Satou Sabally’s third season has been a disappointment due to injuries. Her talent is evident every time she steps on the floor but her time on the hardwood has been limited this summer. She arrived late from Europe, missed three weeks in June with knee injury and then missed the last 13 games of the season.
How much Sabally plays, if at all, in the playoffs remains to be seen. Considering her lengthy absence combined with just a few practices heading into the playoff game, she likely won’t play major minutes. But her potential return adds a dynamism to the Wings bench. Sabally — who can play as a small forward, power forward or small-ball center — gives Dallas an offensive creator it’s been missing without Ogunbowale. She can also defend the perimeter well against both wings and forwards, which could allow Dallas to match up better against Connecticut’s tall frontcourt.
The Sun are a balanced team
While Dallas enters the playoffs still riding some of the momentum it earned from its five-game win streak for earlier in the month, Connecticut arrives as arguably the most consistent team of the season’s second half. The Sun are 11-3 since the All-Star Break. Two of their losses were by a combined six points in Chicago.
The team overall is extremely well-balanced with its four best players — Jonquel Jones, Brionna Jones, DeWanna Bonner and Alyssa Thomas — all averaging between 14.6 and 13.4 points per game. Starting guards Courtney Williams and Natisha Hiedeman also average 11.1 points and i.1 points respectively.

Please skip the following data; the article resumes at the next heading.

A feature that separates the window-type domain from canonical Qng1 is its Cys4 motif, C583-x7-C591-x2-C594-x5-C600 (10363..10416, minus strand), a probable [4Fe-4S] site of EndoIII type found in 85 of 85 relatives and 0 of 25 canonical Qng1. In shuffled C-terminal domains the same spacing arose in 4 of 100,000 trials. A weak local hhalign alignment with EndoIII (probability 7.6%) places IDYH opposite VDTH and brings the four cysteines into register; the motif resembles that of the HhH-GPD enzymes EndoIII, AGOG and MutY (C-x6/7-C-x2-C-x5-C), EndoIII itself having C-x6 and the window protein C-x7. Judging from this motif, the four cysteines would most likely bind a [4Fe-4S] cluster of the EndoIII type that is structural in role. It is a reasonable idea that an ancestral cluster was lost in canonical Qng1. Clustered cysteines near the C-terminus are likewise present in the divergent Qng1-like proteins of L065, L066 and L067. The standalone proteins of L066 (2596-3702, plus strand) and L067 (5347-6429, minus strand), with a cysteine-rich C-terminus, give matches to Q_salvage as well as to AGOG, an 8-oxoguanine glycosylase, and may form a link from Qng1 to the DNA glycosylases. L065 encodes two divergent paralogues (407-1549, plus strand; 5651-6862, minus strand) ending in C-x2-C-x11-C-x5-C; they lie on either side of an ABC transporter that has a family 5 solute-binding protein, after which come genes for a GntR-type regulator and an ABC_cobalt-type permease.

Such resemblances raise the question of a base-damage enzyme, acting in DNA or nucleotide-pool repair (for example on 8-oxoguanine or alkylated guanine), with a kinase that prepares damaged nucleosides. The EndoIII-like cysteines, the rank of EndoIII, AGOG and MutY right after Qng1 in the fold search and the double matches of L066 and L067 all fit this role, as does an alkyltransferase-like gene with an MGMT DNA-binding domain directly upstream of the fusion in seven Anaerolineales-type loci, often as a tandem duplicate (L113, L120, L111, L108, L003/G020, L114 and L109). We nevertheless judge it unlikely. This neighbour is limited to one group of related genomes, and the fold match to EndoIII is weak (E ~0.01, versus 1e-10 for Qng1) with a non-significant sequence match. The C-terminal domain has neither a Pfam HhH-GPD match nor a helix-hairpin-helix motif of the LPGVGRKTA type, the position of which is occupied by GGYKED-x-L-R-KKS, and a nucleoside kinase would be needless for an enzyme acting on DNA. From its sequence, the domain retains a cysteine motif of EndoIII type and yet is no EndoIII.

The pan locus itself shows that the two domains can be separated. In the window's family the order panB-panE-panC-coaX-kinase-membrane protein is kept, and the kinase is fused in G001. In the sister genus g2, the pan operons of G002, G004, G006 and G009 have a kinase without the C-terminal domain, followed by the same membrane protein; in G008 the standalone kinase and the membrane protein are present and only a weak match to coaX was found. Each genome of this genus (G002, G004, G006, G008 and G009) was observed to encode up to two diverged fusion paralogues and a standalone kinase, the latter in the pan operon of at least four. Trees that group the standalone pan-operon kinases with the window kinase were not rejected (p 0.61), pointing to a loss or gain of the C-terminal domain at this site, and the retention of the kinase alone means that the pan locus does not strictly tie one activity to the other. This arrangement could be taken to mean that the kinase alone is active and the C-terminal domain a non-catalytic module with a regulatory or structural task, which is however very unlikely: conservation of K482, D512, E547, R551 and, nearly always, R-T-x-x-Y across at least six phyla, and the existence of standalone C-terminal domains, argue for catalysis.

It just isn’t on offense where Connecticut is sound. The Sun defense is also one of the best units in the league. Their defensive rating ranks second in the association and they lead the WNBA with nearly nine steals per game.
Dallas can win more than just its first-ever playoff game
The Wings have made the playoffs three previous times in their history: 2017, 2018 and 2021. All three times they played in a winner-take-all first round matchup on the road, and lost each time by an average of 15 points. Dating back to the franchise’s history in Tulsa and Detroit, the Wings/Shock haven’t won a playoff game since Sept. 23, 2009 — a span of 4,710 days.
That was so long ago that just two days before that last win, coach Vickie Johnson had played in the final game of her 13-year WNBA career.
Dallas’ search for a playoff victory has been like a camel looking for water in the desert. But this season doesn’t represent a mirage. The Wings have as good of a chance as they ever had to win a playoff game thanks to the new best-of-three format and an opponent they are confident against in the Sun.
But they should strive for more than that. A victory in Connecticut would give Dallas the chance to host a game in Arlington, another major accomplishment for a franchise that has been lost in the woods for the better part of a decade. Winning the series—and the Wings have more than a puncher’s chance of doing so—would mark the best moment in the team’s history in Texas.
Despite the ups and downs of this season, Dallas did take a step forward from its full-tear down rebuild from a few years ago. But there is still time to continue progressing before the season ends.